The Courier News from Blytheville, Arkansas on October 28, 1947 · Page 6
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The Courier News from Blytheville, Arkansas · Page 6

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Blytheville, Arkansas
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Tuesday, October 28, 1947
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Page 6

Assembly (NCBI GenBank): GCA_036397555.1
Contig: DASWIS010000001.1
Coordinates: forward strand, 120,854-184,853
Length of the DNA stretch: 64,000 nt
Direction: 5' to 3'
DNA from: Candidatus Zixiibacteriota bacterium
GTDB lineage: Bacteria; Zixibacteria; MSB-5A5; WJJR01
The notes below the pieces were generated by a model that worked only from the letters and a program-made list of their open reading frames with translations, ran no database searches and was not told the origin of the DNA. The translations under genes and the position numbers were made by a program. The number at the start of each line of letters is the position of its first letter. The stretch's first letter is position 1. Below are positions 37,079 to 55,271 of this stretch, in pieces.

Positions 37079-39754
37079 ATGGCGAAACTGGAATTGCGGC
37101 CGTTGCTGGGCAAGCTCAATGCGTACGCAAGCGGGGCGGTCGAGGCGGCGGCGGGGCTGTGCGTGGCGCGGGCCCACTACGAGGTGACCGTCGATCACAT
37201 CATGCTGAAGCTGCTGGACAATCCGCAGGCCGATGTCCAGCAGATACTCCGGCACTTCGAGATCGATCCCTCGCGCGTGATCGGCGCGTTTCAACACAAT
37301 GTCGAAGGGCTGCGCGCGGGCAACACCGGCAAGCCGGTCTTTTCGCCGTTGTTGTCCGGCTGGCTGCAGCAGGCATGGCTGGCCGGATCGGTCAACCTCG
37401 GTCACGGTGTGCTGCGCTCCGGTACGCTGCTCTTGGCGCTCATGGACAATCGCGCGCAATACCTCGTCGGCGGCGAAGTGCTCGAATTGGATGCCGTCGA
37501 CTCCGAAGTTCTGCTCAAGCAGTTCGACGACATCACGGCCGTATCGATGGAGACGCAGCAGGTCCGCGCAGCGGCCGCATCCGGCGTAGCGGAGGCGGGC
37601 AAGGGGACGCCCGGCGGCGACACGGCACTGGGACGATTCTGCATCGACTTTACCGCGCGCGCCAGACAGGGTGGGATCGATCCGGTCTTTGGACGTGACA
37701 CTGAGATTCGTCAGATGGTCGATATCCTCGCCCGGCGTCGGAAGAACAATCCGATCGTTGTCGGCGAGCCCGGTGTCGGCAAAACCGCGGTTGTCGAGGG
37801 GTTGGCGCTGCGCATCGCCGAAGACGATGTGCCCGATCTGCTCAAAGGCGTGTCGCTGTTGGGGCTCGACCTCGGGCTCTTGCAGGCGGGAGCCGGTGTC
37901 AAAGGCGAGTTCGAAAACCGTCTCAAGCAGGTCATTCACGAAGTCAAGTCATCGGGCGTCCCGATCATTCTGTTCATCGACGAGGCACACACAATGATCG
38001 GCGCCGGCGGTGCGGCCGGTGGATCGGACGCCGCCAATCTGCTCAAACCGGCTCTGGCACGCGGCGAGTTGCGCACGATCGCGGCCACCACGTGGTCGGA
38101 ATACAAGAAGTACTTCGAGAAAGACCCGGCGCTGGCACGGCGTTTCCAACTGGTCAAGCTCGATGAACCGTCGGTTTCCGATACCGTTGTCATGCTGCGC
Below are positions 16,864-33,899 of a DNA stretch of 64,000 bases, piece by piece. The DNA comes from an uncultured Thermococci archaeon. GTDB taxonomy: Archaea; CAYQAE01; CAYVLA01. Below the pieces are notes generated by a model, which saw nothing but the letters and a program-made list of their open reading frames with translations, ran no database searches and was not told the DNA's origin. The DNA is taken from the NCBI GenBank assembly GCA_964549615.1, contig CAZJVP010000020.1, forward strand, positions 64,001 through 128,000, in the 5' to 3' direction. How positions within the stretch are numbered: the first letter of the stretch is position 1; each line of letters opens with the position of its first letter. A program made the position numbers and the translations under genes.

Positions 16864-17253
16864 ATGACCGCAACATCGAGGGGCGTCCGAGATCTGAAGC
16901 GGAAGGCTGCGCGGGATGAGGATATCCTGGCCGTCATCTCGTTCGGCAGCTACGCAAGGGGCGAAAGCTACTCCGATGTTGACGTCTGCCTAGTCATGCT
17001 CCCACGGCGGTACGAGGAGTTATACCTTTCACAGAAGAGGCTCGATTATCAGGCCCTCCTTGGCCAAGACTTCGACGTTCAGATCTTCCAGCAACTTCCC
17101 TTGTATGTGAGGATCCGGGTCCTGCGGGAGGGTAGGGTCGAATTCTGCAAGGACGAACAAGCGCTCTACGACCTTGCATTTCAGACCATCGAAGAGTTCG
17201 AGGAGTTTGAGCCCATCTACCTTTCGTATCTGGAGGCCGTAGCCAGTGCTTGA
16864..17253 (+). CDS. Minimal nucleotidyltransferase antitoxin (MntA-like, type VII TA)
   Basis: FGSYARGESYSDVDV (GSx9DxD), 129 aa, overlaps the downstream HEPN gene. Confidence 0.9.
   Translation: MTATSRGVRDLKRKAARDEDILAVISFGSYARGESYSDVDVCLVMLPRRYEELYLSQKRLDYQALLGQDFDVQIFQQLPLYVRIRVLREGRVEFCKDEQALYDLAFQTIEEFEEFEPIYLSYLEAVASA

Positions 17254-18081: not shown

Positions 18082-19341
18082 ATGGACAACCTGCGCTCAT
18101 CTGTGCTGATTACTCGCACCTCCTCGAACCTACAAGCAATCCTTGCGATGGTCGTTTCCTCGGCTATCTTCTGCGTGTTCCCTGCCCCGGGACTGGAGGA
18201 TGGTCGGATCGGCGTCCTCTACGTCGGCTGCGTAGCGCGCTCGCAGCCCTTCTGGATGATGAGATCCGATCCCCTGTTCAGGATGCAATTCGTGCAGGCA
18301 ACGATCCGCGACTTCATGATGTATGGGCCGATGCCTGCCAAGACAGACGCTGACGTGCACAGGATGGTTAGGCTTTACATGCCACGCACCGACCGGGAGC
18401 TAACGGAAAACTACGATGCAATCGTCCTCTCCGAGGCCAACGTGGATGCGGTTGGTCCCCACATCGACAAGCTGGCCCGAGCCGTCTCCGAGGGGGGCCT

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PAGE Sl (AUK.) COUKint NR\VS Germany's Future of Concern To United States and Nations Of West Europe, General Soys I EDITOR'S NOTE: The fuliye of Germany is one ol Uic problems which obtvrvcrs' relieve will deeply atfi'cl history, what an Umicu States plans (or .Germany? Virgil Pinklcy, vice president and general Europeh manager of 'united. Press, carried mis question to HOI-IIH. T.scrf he'talked to (he man'best qualified to answer and In the fol lowing cxcltith't interview lie presents Ihu views of (Jen Lucius D Clay,) ' (Clearing Bombed-Out U. S. Embassy t TUKSrUY, OCTOEEIt !'.S, 1H17 riNKLKY United Press Staff Correspondent (World Copyright lij- United Press) BERLIN, Oct. 28. (U.P.I— Berlin will continue to be headquarters of Gen. Lucius D. Clay regardless of Ihe oulsome ol the London Conference of Foreign Ministers, the commando!-in-chief of the Untied States Army European Command and American military governor lor Germany told the United Press in an exclusive interview yesterday. "I Intend to remain here with my+ . staff," the general said emphatically. •The only way United States forces would leave Berlin would be oy fcsce of arms o;- a peace treaty with Germany." he continued. Asked if he were apprehensive of removal by force, Gen. Clay smiled and said: "i do not believe force would be applied at tlita lime to remove us from Berlin. v "We are here to slay regardless of possible obstanclcs and "difficulties." Vila! Months Near at Hand In a general review of Germany and related problems, the general,, who is commander in chief of American forces from the Mid-Atlantic right up lo the Russian frontiers, - said that next year is one of decision "nnd the next six months are vital ones." "If we arc able to help Europe back on Its icel. then the situation should be eased by next June or • July." lie added. General Ciay hoped a definite decision about Germany would be reached during the London conference starting Nov. 25. He stressed • • that the time has passed when we could afford to play around with this issue. Backing down or compromise were ruled out. "We are playhig. this one for keeps." he ruled bluntly. "PiiHinir Western Europe back on its feet is a matter of our own existence and security." The general stressed that any Hid program to Europe was an investment in the American way of life. Such assistance tends lo strengthen the Democratic system which pcr- • mits individual rights and ^private enterprise to operate freely. The interview revealed that Gen. v Clay believes aid to Europe in Ihe form of pump priming may not . require such endless expenditures as some envisage. Once European production Increases, many current problems will be solved. Production will enable Europe to have consumer goods, more food »t legitimate prices and will ease . the dillicult housing situation. Once these are obtainable, meii and wo- '.-..' men 'will work. There will be ample incentive, especially il Ihey can do * -V this without living under" a police -'--"state. ' '. -' ' ' . . Vital Issues a! Slake General Clay admitted freely that big and vital issues are at "stake-. and said that there would bn balls fumbled or si-mnls called off by the United States. The policy of the American'government, and his pla.115, arc firm. Despite the long trip from Washington, a nasly cold, a heavy program of recent Washington conferences and accumulated work. Ilia commander in chief was In line •- form. He is full of pep. He. spoke quietly but with determined cniplia- sis. His mind has thc qualities of » steel trap—sharp, strong, decisive. There is just a trace of Georgia in his speech. -The general stressed Ihe need for decision now, lo be followed by action. He said lime <4ces not work for Russia alone. The fact that : Russia needs every possible man on the home, front was mentioned. | r There is an apparent drain on Soi vicl economy to maintain all mill• tary installations and commitments 'in Eastern Europe hnd Germany. • "There nre growing problems in the Soviet Zone of Germans'." the general said, because thc economy of this district has been mined ill- most, to a point of collapse. Economic responsibilities in the zone are likely to become an increasing » .burden on Russia. This, in the opin- • Ion of the general, becomes more so i if the Russian Zone of Gcrmanv is entirely cut off from the remainder of the country. The American military governor of Germany said the United Stales as well as Britain. Russia anil ,_. .France has a duly in ijs occupa- tion of Germany. "We intend to meet our obligations fully." he declared. These include re-establishing Germany as a country nipable of providing a decent iivine standard for its people and contributing to European recovery, simultaneously preventing Germany from becoming a menace lo European and world peace. To enable these desired results, 11 single economic unity must be established, thc general believes. Stresses Firmness, Courage Clay, who should have b.'en tired and possibly gloomy, appeared in uelter spirits than I had seen him previously, although he smoked cigarettes as furiously as ever. During a conversation lasting nearly an hour the uencral said several limes that "firmness and cour- ni'.c are the best way to prevent a war and timidity and irresolution I lie best way to start one." The interview took place as the soft twilight'of a late October evening closed in on Berlin. At the rear of thc gcnrral was his four-star flair. At Ills feet slept his pet Scot- tic. George. General Clay, like Gen. Dwlght D. Eisenhower and thc late President Roosevelt, keeps his dog lu his ollice. George, as most Scotties, is independent but he docs like to romp with his master. Returning lo the London conference, Gon. Clay reiterated Ilia', "failure" would not mean a complete breakdown in Germany. He -implied that if thru happened". Eastern and Western Germany would continue to BO their way on a bipartite or tripartite basis wherever four-power action proved impossible. His rlo-ins words were Unit tlv; United stales has liikcn over one fourth of Berlin and has planted Ihe American flag here, where it will continue to fly. ' 30,000 Mile Tour Planned for 1948 Maid of Cotton MEMPHIS. TENN., Oct. 38 IUI>) — The 194S "Maid of Cotton" will be treated to a 30,000 mile international whirl covering mast of this country and purls of Europe, the National Gotten Council .said today. Thc 1918 "queen of the cotto>i world" will be chosen from single girls between the ages of 19 and 25 whu are natives ol a cotton pro- diu-iiig state. This .win's maid will visit Eitlis'i iltifs, including Manr!ie:-lrr, whrr^ fhe will bo entertained by ,the lord mayor. She will carry oflieial greetings from high U. S. government officials to members of Uritisli officialdom. She will fly (o France lo vis French cilirs where she will Invi officials to Ihe Memphis Colt Carnival. During thc six-months lour, t maid will exhibit a wardrobe new cotton fashions. Hit by Allied bombing r ; ,icls during ll.c- war. thc U. S E building in iierlm ,s just in the process of IXMIIM from the pin-UaHy-destroycd slrucUirc Aeme moved by Gl'ih ':" imcits - a ** ih ° u «" 1 «>••« nw*,.^ Iho embassy basement. (Photo by NEA- corrcsuondunt Al CockimO Officials Seek Information On Plane Crash RICHFIELD. UTAH. Ctt. 28 (UP) —Civil Aeronautics officials disclosed today there was a possibility that the United Airlines DC-G pass'- enger plane may have started to disintegrate 20 miles awny from where il crashed Friday wiih a lois of 52 live.*. Investigators also said they believed they might find some bodies along the flight path of the la.u niinute.s of the [loomed plane. Sonid pieces of the plane's seats and parts believed to have come from the right whig flaps were reported lo have been found miles from the crash scene. Investigators on h'irsi'hack went over the flight path of the plane searching for wreckage over an area 20 miles long and 400 yards wide. Ot lir-r hivesiicalmv, hunted through Ihe nryce Canyon area lor someone who actually saw the crash. \Wallace Finds Place To Address Mixed Crowd ATLANTA. Ga. Oct. 28. (U.I'.I — Arrangements were completed today ior former vice president Henry A. Wallace lo speak here Nov. 20 in a big Negro church. There win be no .segregation o! thc Negro and while races, a stipulation ordered by the Southern Conference of Unman Welfare which is .sponsoring the Wallace tour of the South. , A Wallace speech was called off at Nashville. Tcnn.. because the mnnageincnt of the auditorium sito refused to let down segregation bars, Thc Atlanta engagement was substituted. He is also scheduled to ta)k at M.icon, Gil., but there too officials made it plain that Ihe two races must bo scmresntcd. Henry Wiild. who is handling m- range'ineiit.s, said that more Hum 12 while churches here had offered their auditoriums for thc Wallace .speech on a non-segregation basis. The offers were turned down because Ihe churches were uot ]ar;;c? enough, he fulrt. The Ncjro church selected seats 3,500. Texas Does It Again WASHINGTON. Oct. M. (UPl — Texas did it again. The Interior Department rcport- I. after looking over all thc water j found the In. ells in the United States, that it Antonio. Tex. There were 1,362.315 employes of Class 1 railroads in the Unile'l Elates ns of the middle of September. 10-16. one of all in San Low-Paid Vefs Go Unhoused Communists Charged With Having Control Of Arkansas Housing Ily JOHN' IMSI V \N (United 1'iTis SUiff Coi-resiJoiulen',) LITTLE ROCK. ARK., 'Oct. 23. (Urj—The Vgicrun in the IOA' <n- conic bratkct was pictured yesterday as the man without a place to linng his hat as charges were hurled that Communists controlled tliu housing situation in Arkansas. R. Redding Stevenson of Llllle Rock, chairman of the Housing Committee of the Arkansas American Legion, told a Congressional subcommittee that high paid veterans can neither build nor rent homes. Alter reading his prepared opening statement, Stevenson added: "1 think they hnvc lost sight of tin,- original purpose of ihe public housinj! program. I Iliink ccrtai;t elements, have grabbed il by ihe coac-tail and run off with it." Committee member Hale Bogss of Louisiana asked Stevenson "what elements?" "1 miuhi a.s well say what >1 think." Stevenson replied. "The Communistic elements." In Ins prepared statement, Stevenson declared that the veteran in the higher income brackets is rapidly being housed, either by construction of units for sale or for rent. He said that between Jan. 1., 1016, and Sept. 15, 194V. a lotal ol 3.200 units of all types were com- ple'.ed in the- Little Rock area. lie .said rlua on n statewide b.usis the Federal Housing Administration alone insured luan.s on 1..192 uui'.-s in 19-16. and 3,022 so iar in 1B-17. H : saiti many others were built v.ilh-' out benefit of PHA insurance. "Arkansas is an agricultural state with a low per capita income," Stevenson cjuelaved. "A large percentage of our population is rural Consequently, a large percentage o> our G-I population is rural. There- is no financing available for rural Marriage License* The following ompVs obl;»iiH';l marriage licenses ever the we;k-e;id In the ofiicc of Miss Elizabeth Blithe. C'jiintv clerk:: Fielder Gray and Mi i ;s Mary Huberts, both ol Holland, Mo. J.imcs McCiuri; mid Mis. Lett is Williams, coti-i of Cooler, Mo. EViwst Nocdham and MLss KI,Z-:- lia nines, both oi Armoiel. William Walker imcl Miss Mildred Vcrnice Fletcher, both of Lenuli- ville. J. D. Garner of- Blythcville and Miss Elc'tiiior Denwood ,of Indianapolis, Ind. Paul W. Davis and Miss Katie Ferguson, both of Blythcville. For Complete Protection Against All INSURABLE HAZARDS Phone 3545 L J. POLLARD AGENCY Gfcncoe Hotel Bldq 124 W. Ash St. City Radio •Service- Dial 2407 I''ul Ex Hcpafrs 3^1 Husl .Mali: St. Felix A. Carney Giraffees. contrary to popular belief, are not voiceless. A variety of sounds have been recorded by reliable observers. construction, either by PIIA or Veteran Administration guaranty. . "There is a greater problem, how- even. It has been shown Ihat financing find construction In urban ;>.Kras can be hnd by tho veteian of the higher income. Uy tlie same token, there is none available for the veteian of low income. Neither . arc there any available rental units Ior this group." "Threw away my harsh laxatives'' "Out they went, all harsh, embarraw- ug purgatives. For my constipation ^^lob^du.U.iuckof'.buHc- gentle ALL-BJIAN proved the answer." If you have Iliis trouble, loo. cat an ounce of K E L t. o c c s M.I.-I:KAN every day in milk (or sprinkled over other cereals, or baked in AI.I.-DRAN muffins) — and drink plenty of water. KEI.I.OOC'S ALL-BRAN is t'uaraiitCDd to keep you regular naturally, or rfouWcyour money back. Order KCLLOGC'S ALL-BRAN today Equitable UfclnsuraiK-c- Society of United States See Ke|ircsentatives GUY TREECE JOE ALEXANDER, J r . 115 \\. Asti 81. 1'lione 3!)33 Listen lo "This is your IT1[" Fridays 7:30 p.m. WJII'S FARM LOANS At Lowest Kale ol' Interest Quick Service A. F. Dietrich United Insuninri! Af»cney KH) S. 1st St. liiKrani lildg. We clean and chess per- ' j fectly all types of Suede. Buck- ' skin and White Shoes. Careful. high grade work with Ihe finest j t materials insure satisfaction. FOR SALE 4-in. Concrete Sewer Tile Conoiele Ctilvevl Tile Size 10 in., 3fi in. A. H. WEBB llwy. Ill at Klalc [,ine Phono Hlvlheville 71! f IN BOTTIES AND AT FOUNTAINS ttflftftlS FAMOUS Koaclir.s and VValcrhugs State DistYihutors Garcailc Bldg. Lilllc Itock c 3 KILLS! KILLS! KILLS! HARMLESS TO HUMANS ANOF i C.lluliit Tastebuds with Lively Stinger Cocktails Here's How: ' l>,, ... * t . '•„ licscnption for bored palates whlTc^^nC - Sti " Ker ^ c «»-"». as in- t n. brandy. Shake with • f P " "' K HS " ^>^ Oil a bull's cracked let. Strain into 3 " ilc k • . . Tticy're casilv coll- or. cocki»ll lass coctctl. Sec recipe at left. . r. cocki»ll glass. Booklet of Mixed Drink Recipes (Free with Each Purchase '"-'•''Foster's Liquor Stores . Welch & Bill Foster 120 West Main St. 1Q 8 N. Broadway .., , Pepsi-Cola Company, Lang Isl m d City, ff. Y. Franchisee! Boliler^ Pepsi-Cola !in Co. of Blydieville rrs Hudson A NAME In CLEANING BETTER CLEANING WITH THE HUDSON FINISH IN EIGHT HOURS FOR THE ASKING TAILOR CLOTHIER Steele ' Mo . . ; Blytheville, A.k. We Guarantee RECAPPING with Hawkinson Treads Let Your Next Tires Be GENERALS Cost More — Worth More I MOUINGER TIRE CO. 415 E. Main 1'hone 2281 FOR SALE Concrete Building Blocks Aquello Water Proofing Paint 12-48 inch CONCRETE CULVERTS pl«in or reinforced Osceola Tile and CULVERT CO. We Deliver Phone 691 PEERLESS CLEANERS Now llc;ul<|H;irt<TS For Giiariinlced C Rug Cleaning • Curtain Cleaning Dial 2433 116 H. Franklin tit. RADIO REPAIR 1 AND 2 DAY SERVICE ON ANY MAKE OR MODKU RELIABLE WORKMANSHIP. PHONE 2642 \Ve call for and Deliver FRED CALLIHAN Electrical Appliance Co. Autlinri/cd iMulnrol:! Kudfo Sales and Scrviee, 106 Suulh Hrsl St. CLUB 61 Blythcville, Arkansas - IMshvvay 61 Nortli ancMDance Open 6 Nights Weekly Orchestra Kvcry Wednesday ,Vi»lil OPERATED BY GENE POWELL Dial 2231, I'or Free Delivery on [All Sliiple and Fancy Grocenes Quality Meats Fresh Fryers (T.ivc or Freeman Henley GROCERY 201G West Main SI. Allen Pickax's SHOE REPAIR SERVICE « Surplus Arroy Gondp * , Supplies • Shoes Sec u* ..)• llic von bcsl in Army "Tr'us S!IT-S .Vf.nTv .if?- — Kc- buil*— 'I.. l\ f KrN.ril'. Il.i.Kli-odi It" :...(<. Qu.,iiliiy Prices .\, a i|. aiilc. EAST END 112 Lilly Street 1 !; lilock South Kasl Main Still & Young Motor Co. Lincoln-Mercury Ooo/er Phone 3179 Blylhcville Ark. 112 Walnut 9t,